A Hamilton laboratory is helping mark the 80th anniversary of the Dec. 7 attack on Pearl Harbor in Hawaii in a project it says will bring its work “full circle.”
The laboratory, operated by Natural Resources Canada (NRC), is unique in North America — one of the few places that can roll steel from the USS Arizona, one of the battleships that sank during the 1941 attack on the island of Oahu, and help turn it into a USS Arizona Medal of Freedom.
The research centre will roll four ingots down to sheets, from which the medals will be laser cut.
“Six Canadians were part of the crew of USS Arizona. Five of them perished in the attack and the sixth one went on to fight another day,” Philippe Dauphin, director general at the CanmetMATERIALS lab, told CBC Hamilton.
“So for us, it connects Canada back to its history, it connects the laboratory to its origins, and it’s an opportunity for us to remember the period when these kinds of destruction were possible and hopefully will come to an end.”
CanmetMATERIALS is inside McMaster Innovation Park on Longwood Road South.
WATCH: USS Arizona ingot rolling at CanmetMATERIALS in Hamilton:
According to NRC, one of the last surviving crew members of the Arizona, Lauren Bruner, established a non-profit — the Lauren F. Bruner USS Arizona Memorial Foundation — to honour those who were aboard the ship on the morning of the Japanese attack on U.S. military installations in Hawaii.
The U.S. navy gave the foundation steel from the Arizona, which has been submerged in Pearl Harbor since it sank, NRC said, adding the material is being used to create the medals.
Dauphin said the foundation will sell or give the medals to “people who contribute to the foundation,” making it “the first and only time” that steel from the ship will be available to ordinary citizens — for $1,000 US a piece, he said.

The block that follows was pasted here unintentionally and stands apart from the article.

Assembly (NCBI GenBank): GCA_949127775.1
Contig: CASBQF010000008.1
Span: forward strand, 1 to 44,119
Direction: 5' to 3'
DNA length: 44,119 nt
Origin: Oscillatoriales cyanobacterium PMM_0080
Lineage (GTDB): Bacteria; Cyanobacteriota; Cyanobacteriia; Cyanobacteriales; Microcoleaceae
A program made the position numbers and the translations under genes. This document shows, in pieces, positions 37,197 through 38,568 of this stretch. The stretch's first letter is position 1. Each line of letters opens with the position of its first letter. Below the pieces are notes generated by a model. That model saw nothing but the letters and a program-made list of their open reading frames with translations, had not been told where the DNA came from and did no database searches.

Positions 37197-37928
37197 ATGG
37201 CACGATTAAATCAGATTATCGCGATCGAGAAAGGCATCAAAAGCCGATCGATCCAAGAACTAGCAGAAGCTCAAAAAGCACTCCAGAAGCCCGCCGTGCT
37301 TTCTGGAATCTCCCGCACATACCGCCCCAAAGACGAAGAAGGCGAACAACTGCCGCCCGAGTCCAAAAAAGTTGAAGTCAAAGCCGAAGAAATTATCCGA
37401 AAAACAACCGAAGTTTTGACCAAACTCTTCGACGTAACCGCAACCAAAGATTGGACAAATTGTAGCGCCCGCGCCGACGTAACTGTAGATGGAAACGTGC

“[Their] objective is to remember the 1,177 men who perished that morning.”
Until now, the Navy had only made the steel available to museums, he added.
‘It connects us back to our history’
While the foundation was able to find a mill in Alabama to melt the steel and incorporate stainless steel alloys to create the ingots, a small-scale rolling mill was needed to roll these ingots down to sheets that are one-sixteenth of an inch (nearly 1.6 cm) thick. The foundation went on a search for a place to roll their steel and found the CanmetMATERIALS research centre.
“It’s ordinary steel that would rust, so it was burned into stainless steel by adding chromium and nickel in the steel mill in the southern U.S.,” Dauphin said.
“But they couldn’t find a place to roll the steel down. It needs to be hot rolled first, quenched and then cold rolled to a thickness of one-sixteenth of an inch, and they couldn’t find a rolling mill anywhere in the U.S. that could do this fairly quickly.
“So they approached us … In a way it connects us back to our history because [the research centre was] created in 1942 to help Canada with the war effort,” Dauphin added.